What else has Bloom been doing to shore up the rotation, supplement an empty outfield, fix the issue of second base, and filling up the farm system as that's what Bloom knows from his time at the Rays. 

 Let's look at the moves so far for the Red Sox.

Acquisitions any help?

Looking at the action from the end of the 2020 season, Bloom as emptied the outfield for the Red Sox and the return was from the Padres in the form of Franchy Cordero and possibly splitting time between three newly inked free agents; Astros utility man Marwin Gonzalez, Dodger utility man Enrique Hernandez, and Rays outfielder Hunter Renfroe

 Cordero is a power hitting outfielder that the Padres absolutely loved in the beginning of his career, until he become a frequent member of the disabled list the last few seasons. The challenge and hope is that the Red Sox can figure out how to keep him healthy and on the field, while JD Martinez mentors him in hitting. If the Red Sox can recapture any of the massive power he's shown in the past it will play extremely well in Fenway.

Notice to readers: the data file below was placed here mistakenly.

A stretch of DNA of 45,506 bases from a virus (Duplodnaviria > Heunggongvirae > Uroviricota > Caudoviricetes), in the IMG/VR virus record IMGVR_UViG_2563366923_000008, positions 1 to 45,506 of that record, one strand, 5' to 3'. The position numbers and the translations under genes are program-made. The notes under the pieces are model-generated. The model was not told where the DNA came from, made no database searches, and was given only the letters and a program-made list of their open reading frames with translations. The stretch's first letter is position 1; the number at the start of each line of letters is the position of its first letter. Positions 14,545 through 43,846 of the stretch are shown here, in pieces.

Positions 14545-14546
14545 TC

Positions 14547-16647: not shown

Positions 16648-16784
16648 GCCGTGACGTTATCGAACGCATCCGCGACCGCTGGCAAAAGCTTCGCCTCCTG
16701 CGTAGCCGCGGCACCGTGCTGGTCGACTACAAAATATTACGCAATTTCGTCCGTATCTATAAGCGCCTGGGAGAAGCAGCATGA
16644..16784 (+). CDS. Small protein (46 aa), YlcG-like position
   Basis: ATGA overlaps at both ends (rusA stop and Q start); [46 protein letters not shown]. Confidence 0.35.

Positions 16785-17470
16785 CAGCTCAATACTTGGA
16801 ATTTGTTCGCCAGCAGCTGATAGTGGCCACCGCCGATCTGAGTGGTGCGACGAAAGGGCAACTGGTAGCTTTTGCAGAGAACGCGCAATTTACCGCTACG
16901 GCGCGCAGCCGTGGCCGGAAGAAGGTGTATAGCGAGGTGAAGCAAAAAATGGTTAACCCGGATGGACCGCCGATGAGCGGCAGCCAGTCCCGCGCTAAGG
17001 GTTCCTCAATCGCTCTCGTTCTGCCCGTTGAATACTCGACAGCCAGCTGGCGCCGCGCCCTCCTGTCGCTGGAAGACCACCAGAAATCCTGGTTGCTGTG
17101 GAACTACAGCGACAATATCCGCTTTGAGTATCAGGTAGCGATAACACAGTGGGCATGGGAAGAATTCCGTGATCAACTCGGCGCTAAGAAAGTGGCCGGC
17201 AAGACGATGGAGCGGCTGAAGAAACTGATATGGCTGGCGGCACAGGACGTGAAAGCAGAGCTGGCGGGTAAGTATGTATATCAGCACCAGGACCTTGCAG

Ideally Renfroe would hold down the last outfield spot with Gonzalez and Hernandez splitting time around the diamond at second base and the outfield. 

 For the long suffering rotation Bloom pulled back in Martin Perez, traded the Yankees for Adam Ottavino, and spent big on starter Garrett Richards who was a free agent from the Padres. He also added veteran Matt Andriese as depth and bullpen help.